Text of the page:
Author Spotlight: Rowdy Geirsson

In the Author Spotlight this week, let's learn more about one of our recent authors: Rowdy Geirsson.

I contributed an article to issue 9 of Medieval World: Culture & Conflict, titled “Glory in Death: Sweden's Magnificent Pre-Viking Graves” all about the massive pagan burial mounds in the heart of Sweden’s historic core from the pre-Viking era. Uppsala is the most famous of these, but the relics found at Valsgärde and Vendel have done a lot to inform our understanding of the material culture of the place and time. Compared to that of Denmark, Norway, and Iceland, Sweden’s Viking and pre-Viking past tends to be underrepresented in English-language outlets, so I appreciated the opportunity to spread the word about the Svear through my contribution to the magazine.

There is not much available in English about the pre-Viking period of Scandinavia’s history in general, but for anyone interested in reading up on the Vikings, Neil Price’s Children of Ash and Elm and John Haywood’s Northmen make a great pairing. Both books are well-written, engaging, and recent, so most of the latest discoveries are covered in these studies. 


Price’s book focuses mostly on the culture of Viking Age Scandinavians, while Haywood’s focuses mostly on the historical events and movements associated with them. Presently, I am reading something completely different — I just started Gabriel Krauze’s Who They Was, and I plan to start soon Marc Morris’ The Anglo-Saxons and Jonathan Lindström’s Sveriges långa historia


My interests and research efforts are predominately focused on the history and culture of Scandinavia itself as a region rather than the specific time period of the Middle Ages, though, of course, that umbrella very clearly encompasses the Viking Age and the centuries before it in the Nordic region. Sweden is the focal point for me, and my research tends to focus on “place” — be that a city/town, landscape, building, or the people responsible for “place-making.”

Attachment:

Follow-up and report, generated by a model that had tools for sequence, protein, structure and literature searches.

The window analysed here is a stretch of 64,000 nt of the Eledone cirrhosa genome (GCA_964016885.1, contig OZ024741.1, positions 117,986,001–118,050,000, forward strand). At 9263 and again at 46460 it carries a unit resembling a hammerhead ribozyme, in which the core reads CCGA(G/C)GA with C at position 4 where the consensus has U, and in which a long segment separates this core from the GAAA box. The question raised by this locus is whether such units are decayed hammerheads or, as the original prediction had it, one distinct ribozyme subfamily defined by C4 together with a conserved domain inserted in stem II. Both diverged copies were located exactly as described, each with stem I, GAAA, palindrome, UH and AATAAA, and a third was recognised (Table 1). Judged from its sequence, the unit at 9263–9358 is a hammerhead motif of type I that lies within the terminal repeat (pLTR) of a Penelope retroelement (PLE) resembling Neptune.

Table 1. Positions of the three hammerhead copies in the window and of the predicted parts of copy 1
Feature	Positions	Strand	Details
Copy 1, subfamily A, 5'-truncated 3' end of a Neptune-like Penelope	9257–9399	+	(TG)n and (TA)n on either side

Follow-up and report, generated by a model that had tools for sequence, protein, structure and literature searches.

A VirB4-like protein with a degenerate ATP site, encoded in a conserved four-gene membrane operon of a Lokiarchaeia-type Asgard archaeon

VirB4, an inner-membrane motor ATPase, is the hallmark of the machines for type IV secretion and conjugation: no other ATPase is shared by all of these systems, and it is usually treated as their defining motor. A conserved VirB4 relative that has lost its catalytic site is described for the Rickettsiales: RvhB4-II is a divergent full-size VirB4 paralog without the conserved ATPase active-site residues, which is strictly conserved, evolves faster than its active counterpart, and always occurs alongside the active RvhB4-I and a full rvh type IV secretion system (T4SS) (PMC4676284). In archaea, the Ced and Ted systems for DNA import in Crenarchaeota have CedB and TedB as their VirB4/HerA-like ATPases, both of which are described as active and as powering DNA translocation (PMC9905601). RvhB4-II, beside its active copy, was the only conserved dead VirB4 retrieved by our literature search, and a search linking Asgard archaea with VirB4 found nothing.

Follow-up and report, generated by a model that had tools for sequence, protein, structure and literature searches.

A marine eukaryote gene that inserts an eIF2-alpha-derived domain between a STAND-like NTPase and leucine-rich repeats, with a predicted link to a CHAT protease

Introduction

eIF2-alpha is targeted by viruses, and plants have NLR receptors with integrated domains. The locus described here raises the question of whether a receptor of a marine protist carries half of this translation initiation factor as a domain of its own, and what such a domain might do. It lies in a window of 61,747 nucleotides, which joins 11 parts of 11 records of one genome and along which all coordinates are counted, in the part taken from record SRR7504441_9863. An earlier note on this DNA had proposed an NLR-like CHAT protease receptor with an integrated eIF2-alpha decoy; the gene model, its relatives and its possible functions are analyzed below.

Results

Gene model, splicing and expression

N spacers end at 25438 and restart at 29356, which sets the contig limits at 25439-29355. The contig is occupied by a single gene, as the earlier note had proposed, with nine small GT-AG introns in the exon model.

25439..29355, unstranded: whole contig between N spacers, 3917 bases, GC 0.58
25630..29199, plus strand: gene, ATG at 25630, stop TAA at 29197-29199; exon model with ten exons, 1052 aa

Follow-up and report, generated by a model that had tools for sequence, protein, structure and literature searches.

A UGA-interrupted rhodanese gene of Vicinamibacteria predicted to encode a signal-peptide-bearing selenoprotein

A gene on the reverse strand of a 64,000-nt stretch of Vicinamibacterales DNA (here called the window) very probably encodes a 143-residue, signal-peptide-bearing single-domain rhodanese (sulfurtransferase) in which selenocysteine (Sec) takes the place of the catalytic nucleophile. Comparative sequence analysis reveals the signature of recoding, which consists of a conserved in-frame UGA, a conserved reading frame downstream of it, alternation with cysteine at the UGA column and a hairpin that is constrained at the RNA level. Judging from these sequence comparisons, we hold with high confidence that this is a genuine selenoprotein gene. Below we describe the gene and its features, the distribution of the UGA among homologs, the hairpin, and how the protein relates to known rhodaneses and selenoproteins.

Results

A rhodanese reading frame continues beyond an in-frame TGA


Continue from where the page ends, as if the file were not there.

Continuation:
I lived in Sweden thanks to a fellowship provided by the American-Scandinavian Foundation, which allowed me to gain a high degree of proficiency in Swedish. That experience also provided a doorway into understanding the aspects of Scandinavian history and culture that tend to go unobserved outside the region.


Site visits and archival research form a big part of the process for me. I’ve published history articles across a small smattering of publications — The Journal of Urban Design, Scandinavian Review, Viking Magazine, and now Medieval World: Culture & Conflict.

Most of my writing, however, tends to be of a less serious variety. I have written informative albeit highly quirky history and mythology articles for the McSweeney’s humor website since 2010, and fictitious articles for a handful of other humor websites as well. I’ve released two books, Norse Mythology for Bostonians and The Scandinavian Aggressors, and a third, The Impudent Edda, is set for release in late November of this year. 


I skulk around the world-wound-web on Twitter/X at @RGeirsson and Instagram at @rowdygeirsson

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